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Charlie Glahe WIN Broomfield

Staying safe for grilling season

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A summer barbecue or cookout is a classic, timeless activity. Unfortunately, when it comes to cooking tasty meals in the great outdoors, many people forget that they are still playing with fire.

According to statistics from the National Fire Protection Association, 75 percent of American households own at least one grill, smoker or other outdoor cooking device. That means huge potential for accidents. Almost 9,000 house fires are set on average each year from grills. In addition, around 16,600 people were admitted to emergency rooms around the U.S. in 2015 due to a grill-related injury. Most of these fires and injuries are caused by gas or propane-fueled grills, which are the most common type in the U.S.

As boring as it may sound, a successful barbeque requires putting safety first. Fortunately, it's not hard to have a safe grilling outing that's still fun and perfect for a family meal.

Propane grills
As the most common type of home grill, propane models may be billed as safer than wood or charcoal. This doesn't mean that propane-fired grills aren't at all dangerous, as noted by the International Society of Certified Home Inspectors. Propane grills need special attention to be cared for and properly maintained.

Users of propane grills need to make sure they store any spare tanks outdoors in an open area away from buildings or the grill itself. The garage or backyard shed isn't a safe storage area for propane tanks. Before turning the grill on, take care to give it a once-over, checking to make sure the fuel line is secure and everything is relatively clean. Before each grilling session, use a stiff wire brush to scrape dirt and ash off the grates of the grill. This can go a long way toward preventing fires.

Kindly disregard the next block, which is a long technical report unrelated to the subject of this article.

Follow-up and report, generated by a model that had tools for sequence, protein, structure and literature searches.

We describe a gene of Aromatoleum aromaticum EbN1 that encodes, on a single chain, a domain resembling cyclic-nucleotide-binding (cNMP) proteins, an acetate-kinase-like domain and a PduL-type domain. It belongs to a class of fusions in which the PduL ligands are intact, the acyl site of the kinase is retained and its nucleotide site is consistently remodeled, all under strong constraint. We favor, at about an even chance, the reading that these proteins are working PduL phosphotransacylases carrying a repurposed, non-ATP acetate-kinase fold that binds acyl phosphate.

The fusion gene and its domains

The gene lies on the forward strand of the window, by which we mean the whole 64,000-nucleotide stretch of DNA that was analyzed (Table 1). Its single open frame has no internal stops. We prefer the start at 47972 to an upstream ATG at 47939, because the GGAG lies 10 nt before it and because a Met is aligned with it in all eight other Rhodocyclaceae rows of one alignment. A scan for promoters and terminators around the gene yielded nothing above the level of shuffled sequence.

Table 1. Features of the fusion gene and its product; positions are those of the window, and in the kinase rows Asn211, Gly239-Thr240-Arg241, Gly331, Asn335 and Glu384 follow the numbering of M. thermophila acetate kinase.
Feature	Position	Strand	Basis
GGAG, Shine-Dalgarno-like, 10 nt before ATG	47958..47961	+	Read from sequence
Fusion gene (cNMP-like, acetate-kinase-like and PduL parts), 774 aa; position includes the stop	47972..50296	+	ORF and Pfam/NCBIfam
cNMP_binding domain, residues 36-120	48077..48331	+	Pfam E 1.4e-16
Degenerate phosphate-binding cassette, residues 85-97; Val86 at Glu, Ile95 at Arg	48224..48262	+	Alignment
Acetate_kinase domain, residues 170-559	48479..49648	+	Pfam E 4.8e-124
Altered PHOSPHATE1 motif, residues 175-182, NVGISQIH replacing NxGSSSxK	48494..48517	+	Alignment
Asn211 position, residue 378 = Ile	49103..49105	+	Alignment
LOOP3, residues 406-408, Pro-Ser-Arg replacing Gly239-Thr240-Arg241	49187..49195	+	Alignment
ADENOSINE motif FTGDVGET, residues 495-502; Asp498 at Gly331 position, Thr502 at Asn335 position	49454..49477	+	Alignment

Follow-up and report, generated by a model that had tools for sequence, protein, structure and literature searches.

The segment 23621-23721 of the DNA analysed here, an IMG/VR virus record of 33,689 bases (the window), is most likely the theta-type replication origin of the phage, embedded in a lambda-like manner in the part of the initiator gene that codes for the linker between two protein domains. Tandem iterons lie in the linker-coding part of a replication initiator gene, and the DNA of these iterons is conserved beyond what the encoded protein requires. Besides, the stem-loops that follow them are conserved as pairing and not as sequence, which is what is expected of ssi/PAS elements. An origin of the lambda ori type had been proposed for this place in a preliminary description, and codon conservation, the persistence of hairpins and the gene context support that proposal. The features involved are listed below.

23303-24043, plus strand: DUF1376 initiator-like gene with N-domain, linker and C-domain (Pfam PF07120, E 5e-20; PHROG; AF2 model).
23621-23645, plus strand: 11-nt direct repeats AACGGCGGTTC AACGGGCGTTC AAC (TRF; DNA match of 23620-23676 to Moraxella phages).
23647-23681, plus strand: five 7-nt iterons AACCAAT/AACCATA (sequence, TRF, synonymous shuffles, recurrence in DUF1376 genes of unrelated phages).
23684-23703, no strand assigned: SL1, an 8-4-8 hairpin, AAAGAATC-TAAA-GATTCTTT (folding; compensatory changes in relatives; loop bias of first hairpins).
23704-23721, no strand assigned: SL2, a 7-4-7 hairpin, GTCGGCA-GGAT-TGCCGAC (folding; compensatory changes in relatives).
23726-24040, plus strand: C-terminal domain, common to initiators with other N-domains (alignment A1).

Charcoal grills
For that authentic smoke flavor, there is nothing better than charcoal. These grills are inexpensive and simple to maintain, but still require special safety precautions. Many of the safety precautions for propane grills apply here, but one of the most dangerous aspects of charcoal grills is the act of lighting it. Always use only barbecue starter fluid to ignite the grill, and never pour it on an open flame. Be careful not to use a charcoal grill on a terrace, balcony or deck with less than 10 feet of overhead clearance.

Grilling is a fun summer activity, but only when done safely. Use these basic tips to make every cookout a successful one.